Earth is 33 K warmer than expected. Venus is 500 K warmer. This difference is because of the greenhouse effect - the ability of planetary atmospheres to trap heat. Solar energy usually reaches planet's surface in the form of visible light. Whatever fraction is not reflected by albedo heats whatever opaque surface absorbs it. In the case of Venus, the atmosphere is very dense and mostly made of a greenhouse gas.
Venus, unlike Earth, has essentially no carbon cycle. On Earth,
- Carbon enters the atmosphere as CO2 that erupts from volcanoes.
- Atmospheric CO2 dissolves in oceans.
- Eventually CO2 precipitates out of solution as carbonate minerals that become incoporated in the rocks rocks.
- As they become buried deeply, they can melt, releasing carbon that, again, is erupted into atmosphere as CO2.
Follow this link for a fictional but realistic cinematic imagining of Venus' surface. BBC's Voyage to the Planets - Venus. But on Venus there is no hydrosphere, so CO2 just gathers in the atmosphere.
But wait! Venus is closer to the Sun than Earth. Why does the solar wind not strip away its atmosphere like it does that of Mars? Apparently it does. The near absence of water vapor is attributed to the dissociation of H2O by ultraviolet radiation and the subsequent removal of hydrogen by the solar wind. The difference between Venus and Mars is that while Mars is geologically dead (mostly), Venus continues to pump gasses out of volcanoes. Thus, its atmosphere continues to grow as long as its volcanoes continue to erupt.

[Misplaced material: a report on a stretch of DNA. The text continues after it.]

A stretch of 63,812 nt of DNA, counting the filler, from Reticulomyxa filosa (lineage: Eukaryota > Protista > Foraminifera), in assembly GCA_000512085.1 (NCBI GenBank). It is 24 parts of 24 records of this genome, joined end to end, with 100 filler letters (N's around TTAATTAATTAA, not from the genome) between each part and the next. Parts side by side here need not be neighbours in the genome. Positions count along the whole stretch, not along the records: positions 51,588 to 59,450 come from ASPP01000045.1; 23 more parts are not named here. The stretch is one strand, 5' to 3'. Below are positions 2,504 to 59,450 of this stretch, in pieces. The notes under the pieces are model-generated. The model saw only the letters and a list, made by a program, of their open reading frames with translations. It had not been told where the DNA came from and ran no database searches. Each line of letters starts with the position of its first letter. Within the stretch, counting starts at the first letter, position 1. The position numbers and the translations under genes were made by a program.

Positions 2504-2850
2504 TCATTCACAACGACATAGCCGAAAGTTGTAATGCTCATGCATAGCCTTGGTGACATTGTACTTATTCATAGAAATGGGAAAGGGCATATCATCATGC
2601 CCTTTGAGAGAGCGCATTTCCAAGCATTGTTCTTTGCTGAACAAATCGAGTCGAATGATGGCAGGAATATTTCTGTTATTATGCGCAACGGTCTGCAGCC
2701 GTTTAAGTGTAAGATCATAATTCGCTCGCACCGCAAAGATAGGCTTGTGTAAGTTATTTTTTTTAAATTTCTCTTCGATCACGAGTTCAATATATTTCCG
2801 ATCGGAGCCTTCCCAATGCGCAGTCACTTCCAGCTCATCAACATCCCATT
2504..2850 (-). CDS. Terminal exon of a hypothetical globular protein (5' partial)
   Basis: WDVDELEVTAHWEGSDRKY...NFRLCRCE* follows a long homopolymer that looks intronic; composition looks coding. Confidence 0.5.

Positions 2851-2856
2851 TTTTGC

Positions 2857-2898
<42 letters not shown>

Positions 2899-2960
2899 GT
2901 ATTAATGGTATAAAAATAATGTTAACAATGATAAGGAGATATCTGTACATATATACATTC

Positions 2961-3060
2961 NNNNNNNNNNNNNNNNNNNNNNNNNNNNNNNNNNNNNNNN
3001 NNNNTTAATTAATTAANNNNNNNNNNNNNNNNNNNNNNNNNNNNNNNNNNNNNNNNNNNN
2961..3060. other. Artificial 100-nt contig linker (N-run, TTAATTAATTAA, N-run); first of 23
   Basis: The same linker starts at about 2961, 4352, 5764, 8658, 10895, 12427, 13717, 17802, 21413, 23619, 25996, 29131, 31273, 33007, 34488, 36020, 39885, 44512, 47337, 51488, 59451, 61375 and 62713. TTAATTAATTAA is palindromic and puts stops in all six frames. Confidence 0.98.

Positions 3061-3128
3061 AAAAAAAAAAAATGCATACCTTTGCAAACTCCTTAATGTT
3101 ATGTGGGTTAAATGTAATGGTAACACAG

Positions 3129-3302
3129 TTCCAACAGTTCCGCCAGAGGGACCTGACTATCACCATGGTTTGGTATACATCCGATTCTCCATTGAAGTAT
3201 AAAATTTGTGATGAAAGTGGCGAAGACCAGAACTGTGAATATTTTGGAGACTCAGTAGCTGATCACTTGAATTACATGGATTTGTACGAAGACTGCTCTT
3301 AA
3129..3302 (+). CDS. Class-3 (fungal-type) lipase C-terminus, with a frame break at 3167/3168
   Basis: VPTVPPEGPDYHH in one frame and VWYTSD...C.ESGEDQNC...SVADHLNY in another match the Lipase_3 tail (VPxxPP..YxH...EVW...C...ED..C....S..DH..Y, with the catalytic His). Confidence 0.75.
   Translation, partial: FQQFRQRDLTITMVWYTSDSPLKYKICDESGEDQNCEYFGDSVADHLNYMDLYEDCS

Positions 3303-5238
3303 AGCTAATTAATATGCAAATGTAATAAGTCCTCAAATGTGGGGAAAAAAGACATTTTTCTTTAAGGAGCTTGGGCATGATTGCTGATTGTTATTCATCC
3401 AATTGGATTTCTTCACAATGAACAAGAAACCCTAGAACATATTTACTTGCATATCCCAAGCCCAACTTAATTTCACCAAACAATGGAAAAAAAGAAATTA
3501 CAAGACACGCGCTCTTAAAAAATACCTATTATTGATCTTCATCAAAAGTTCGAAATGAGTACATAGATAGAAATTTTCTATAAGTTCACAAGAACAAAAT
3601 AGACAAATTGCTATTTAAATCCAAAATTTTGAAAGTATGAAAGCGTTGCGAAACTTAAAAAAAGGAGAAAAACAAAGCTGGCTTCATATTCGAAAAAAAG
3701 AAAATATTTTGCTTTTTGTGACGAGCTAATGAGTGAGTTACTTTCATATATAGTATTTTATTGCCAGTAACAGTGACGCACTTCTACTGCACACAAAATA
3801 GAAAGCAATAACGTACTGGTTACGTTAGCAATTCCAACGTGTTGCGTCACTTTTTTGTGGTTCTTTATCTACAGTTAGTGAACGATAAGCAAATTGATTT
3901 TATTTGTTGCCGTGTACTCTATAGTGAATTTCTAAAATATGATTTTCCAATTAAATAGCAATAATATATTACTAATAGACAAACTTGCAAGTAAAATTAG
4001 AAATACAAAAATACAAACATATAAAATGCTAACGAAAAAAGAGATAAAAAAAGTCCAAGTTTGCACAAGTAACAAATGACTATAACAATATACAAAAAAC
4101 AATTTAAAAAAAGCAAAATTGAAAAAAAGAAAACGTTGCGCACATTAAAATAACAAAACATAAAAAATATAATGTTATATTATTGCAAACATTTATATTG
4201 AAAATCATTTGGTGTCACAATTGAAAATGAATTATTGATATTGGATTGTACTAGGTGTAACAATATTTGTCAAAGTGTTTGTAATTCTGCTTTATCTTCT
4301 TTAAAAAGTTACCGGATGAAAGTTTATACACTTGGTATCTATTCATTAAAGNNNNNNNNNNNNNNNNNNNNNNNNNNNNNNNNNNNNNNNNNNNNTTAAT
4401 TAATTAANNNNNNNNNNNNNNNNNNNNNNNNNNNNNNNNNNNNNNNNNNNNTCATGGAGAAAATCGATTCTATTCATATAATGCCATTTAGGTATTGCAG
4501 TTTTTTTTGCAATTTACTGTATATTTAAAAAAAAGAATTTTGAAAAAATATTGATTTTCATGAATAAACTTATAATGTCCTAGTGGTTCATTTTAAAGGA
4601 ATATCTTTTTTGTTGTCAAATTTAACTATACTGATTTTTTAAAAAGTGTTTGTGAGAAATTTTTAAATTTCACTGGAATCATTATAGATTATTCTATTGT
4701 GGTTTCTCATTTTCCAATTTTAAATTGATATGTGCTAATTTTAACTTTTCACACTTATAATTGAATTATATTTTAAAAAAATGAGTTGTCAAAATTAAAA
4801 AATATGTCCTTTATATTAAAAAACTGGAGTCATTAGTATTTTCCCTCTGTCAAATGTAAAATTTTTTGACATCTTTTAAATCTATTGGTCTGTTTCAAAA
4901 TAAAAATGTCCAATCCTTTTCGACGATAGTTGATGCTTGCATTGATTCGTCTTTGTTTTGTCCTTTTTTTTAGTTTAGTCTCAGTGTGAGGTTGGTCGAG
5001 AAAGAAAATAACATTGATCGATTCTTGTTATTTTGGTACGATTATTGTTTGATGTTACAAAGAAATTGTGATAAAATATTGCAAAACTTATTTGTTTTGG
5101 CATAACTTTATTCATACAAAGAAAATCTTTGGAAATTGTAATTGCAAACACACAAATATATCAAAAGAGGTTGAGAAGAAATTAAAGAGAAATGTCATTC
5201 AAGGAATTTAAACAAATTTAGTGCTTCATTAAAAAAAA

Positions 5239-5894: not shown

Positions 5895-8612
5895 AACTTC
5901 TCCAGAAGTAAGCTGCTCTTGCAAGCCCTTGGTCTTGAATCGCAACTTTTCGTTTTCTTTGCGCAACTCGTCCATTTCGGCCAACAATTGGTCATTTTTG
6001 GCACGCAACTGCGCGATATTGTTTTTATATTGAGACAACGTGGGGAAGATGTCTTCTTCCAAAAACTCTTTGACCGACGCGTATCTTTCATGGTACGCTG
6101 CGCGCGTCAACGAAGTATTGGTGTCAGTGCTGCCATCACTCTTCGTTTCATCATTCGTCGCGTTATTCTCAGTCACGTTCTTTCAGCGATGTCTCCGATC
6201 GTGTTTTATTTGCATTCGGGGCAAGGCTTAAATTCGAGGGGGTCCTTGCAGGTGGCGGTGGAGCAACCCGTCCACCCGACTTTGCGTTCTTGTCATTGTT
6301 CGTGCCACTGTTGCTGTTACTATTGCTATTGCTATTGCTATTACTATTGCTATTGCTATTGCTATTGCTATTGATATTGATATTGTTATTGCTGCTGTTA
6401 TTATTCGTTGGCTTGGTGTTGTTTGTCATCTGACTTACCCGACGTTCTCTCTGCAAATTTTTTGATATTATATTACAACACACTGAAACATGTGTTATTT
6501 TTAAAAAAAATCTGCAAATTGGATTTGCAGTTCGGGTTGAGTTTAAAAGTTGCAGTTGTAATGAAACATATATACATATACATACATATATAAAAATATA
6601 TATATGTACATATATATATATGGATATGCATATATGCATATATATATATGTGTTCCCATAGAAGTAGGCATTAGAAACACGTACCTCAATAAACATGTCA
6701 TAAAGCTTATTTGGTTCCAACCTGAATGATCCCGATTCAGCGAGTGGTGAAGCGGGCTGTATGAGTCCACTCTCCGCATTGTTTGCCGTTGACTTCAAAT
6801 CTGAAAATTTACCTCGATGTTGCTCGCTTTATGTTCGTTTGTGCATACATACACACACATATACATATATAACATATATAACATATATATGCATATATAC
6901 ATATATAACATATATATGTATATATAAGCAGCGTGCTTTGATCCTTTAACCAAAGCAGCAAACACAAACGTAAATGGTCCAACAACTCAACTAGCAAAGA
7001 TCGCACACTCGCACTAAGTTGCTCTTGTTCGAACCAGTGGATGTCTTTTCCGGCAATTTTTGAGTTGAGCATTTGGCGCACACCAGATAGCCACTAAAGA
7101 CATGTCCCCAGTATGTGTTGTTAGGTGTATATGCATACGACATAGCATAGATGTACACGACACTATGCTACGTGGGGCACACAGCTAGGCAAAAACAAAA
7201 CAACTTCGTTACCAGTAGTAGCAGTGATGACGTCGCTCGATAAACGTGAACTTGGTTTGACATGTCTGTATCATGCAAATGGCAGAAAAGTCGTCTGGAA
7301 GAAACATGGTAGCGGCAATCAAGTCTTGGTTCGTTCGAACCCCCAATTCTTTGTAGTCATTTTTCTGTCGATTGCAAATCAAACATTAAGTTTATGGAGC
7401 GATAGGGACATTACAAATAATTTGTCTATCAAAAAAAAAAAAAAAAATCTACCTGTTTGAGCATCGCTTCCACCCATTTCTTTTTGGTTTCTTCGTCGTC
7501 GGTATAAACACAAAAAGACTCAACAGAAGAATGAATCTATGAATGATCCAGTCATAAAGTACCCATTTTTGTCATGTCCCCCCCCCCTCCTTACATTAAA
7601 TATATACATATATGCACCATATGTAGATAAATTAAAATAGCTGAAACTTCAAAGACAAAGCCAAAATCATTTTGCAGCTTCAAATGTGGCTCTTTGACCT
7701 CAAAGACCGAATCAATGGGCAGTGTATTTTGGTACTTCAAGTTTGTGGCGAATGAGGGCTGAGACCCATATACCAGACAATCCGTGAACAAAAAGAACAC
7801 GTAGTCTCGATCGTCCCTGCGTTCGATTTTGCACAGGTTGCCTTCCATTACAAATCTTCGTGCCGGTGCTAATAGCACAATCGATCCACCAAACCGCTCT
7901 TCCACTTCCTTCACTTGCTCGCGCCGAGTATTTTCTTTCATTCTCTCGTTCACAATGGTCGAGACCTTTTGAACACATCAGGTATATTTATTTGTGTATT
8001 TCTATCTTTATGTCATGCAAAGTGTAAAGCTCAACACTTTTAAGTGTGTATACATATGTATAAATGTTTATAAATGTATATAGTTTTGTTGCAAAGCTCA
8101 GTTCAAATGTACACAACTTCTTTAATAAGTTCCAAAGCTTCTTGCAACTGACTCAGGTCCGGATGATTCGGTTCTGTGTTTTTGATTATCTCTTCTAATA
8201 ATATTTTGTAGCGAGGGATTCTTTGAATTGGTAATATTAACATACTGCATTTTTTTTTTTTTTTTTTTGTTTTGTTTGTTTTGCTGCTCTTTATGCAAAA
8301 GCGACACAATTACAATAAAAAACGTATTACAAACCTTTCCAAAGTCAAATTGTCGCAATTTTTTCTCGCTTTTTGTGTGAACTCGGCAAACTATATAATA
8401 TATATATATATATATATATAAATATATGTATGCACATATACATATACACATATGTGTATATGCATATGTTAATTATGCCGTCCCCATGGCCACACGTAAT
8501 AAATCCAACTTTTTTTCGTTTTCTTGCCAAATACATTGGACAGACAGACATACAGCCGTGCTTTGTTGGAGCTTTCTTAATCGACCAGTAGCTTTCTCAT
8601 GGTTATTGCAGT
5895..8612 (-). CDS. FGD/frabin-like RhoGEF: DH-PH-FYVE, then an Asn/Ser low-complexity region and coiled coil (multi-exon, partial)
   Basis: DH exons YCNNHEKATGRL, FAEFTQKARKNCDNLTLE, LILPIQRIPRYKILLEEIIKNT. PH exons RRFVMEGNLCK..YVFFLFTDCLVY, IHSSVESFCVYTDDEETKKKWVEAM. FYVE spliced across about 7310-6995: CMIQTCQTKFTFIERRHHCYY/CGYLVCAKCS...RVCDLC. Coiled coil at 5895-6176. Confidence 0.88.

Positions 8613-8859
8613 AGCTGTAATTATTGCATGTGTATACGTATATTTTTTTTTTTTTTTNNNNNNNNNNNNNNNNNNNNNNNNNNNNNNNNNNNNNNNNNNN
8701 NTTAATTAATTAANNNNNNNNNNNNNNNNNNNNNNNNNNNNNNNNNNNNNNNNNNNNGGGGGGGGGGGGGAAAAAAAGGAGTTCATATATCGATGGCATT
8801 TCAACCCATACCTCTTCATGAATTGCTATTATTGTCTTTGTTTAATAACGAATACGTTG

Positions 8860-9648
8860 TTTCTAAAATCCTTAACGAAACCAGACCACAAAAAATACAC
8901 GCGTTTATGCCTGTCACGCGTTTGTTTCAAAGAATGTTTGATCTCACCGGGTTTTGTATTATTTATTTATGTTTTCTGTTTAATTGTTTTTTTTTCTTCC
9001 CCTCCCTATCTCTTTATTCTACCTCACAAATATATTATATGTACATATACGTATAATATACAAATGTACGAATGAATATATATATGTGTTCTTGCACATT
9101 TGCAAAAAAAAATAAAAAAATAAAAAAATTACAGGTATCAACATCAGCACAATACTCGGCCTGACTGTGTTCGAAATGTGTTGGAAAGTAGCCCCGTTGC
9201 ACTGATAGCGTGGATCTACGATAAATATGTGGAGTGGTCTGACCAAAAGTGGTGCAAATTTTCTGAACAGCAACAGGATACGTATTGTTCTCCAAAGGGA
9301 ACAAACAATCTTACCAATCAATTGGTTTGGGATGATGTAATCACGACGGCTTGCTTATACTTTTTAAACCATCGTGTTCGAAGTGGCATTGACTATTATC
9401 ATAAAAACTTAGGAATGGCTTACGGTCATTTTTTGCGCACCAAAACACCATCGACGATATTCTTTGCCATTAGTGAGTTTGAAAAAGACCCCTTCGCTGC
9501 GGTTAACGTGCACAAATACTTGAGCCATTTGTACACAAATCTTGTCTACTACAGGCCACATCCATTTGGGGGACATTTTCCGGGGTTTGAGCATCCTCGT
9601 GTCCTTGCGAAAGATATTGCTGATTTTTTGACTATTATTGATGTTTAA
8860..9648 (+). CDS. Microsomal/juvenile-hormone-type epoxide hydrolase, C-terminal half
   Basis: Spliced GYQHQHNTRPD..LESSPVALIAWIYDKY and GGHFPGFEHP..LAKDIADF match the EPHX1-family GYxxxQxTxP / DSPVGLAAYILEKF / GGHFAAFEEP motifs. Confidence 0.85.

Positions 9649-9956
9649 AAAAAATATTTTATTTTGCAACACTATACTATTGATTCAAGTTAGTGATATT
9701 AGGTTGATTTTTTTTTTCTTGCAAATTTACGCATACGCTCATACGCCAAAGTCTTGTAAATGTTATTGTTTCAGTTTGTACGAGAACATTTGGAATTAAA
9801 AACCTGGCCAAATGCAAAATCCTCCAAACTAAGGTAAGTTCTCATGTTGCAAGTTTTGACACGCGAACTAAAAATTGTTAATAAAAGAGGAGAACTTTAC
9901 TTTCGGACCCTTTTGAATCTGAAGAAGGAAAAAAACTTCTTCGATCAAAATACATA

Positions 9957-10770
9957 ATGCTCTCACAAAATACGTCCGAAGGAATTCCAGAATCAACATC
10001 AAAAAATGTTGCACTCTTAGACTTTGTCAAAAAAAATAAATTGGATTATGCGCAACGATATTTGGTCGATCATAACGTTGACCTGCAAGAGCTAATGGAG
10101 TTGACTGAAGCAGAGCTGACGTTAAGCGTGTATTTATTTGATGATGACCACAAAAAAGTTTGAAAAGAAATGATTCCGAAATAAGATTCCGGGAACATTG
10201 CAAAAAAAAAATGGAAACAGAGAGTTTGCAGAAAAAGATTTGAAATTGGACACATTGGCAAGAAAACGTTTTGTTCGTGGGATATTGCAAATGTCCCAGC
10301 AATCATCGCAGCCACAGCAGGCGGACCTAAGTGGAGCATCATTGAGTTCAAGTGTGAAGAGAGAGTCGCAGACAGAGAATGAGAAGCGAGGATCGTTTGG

Icing: Did I mention that the clouds are made of droplets of sulfuric acid?
Sort of. Consider Saturn's cold moon Titan
- Radius: 2575 km (compared with 1738 for the Moon)
- Density: 1.88 x 103 kg m-3 (compared with 3.34 for the Moon)
- A hydrologic cycle based on liquid methane and ethane, including evaporation, rainfall, runoff, and accumulation in liquid bodies the size of the great lakes.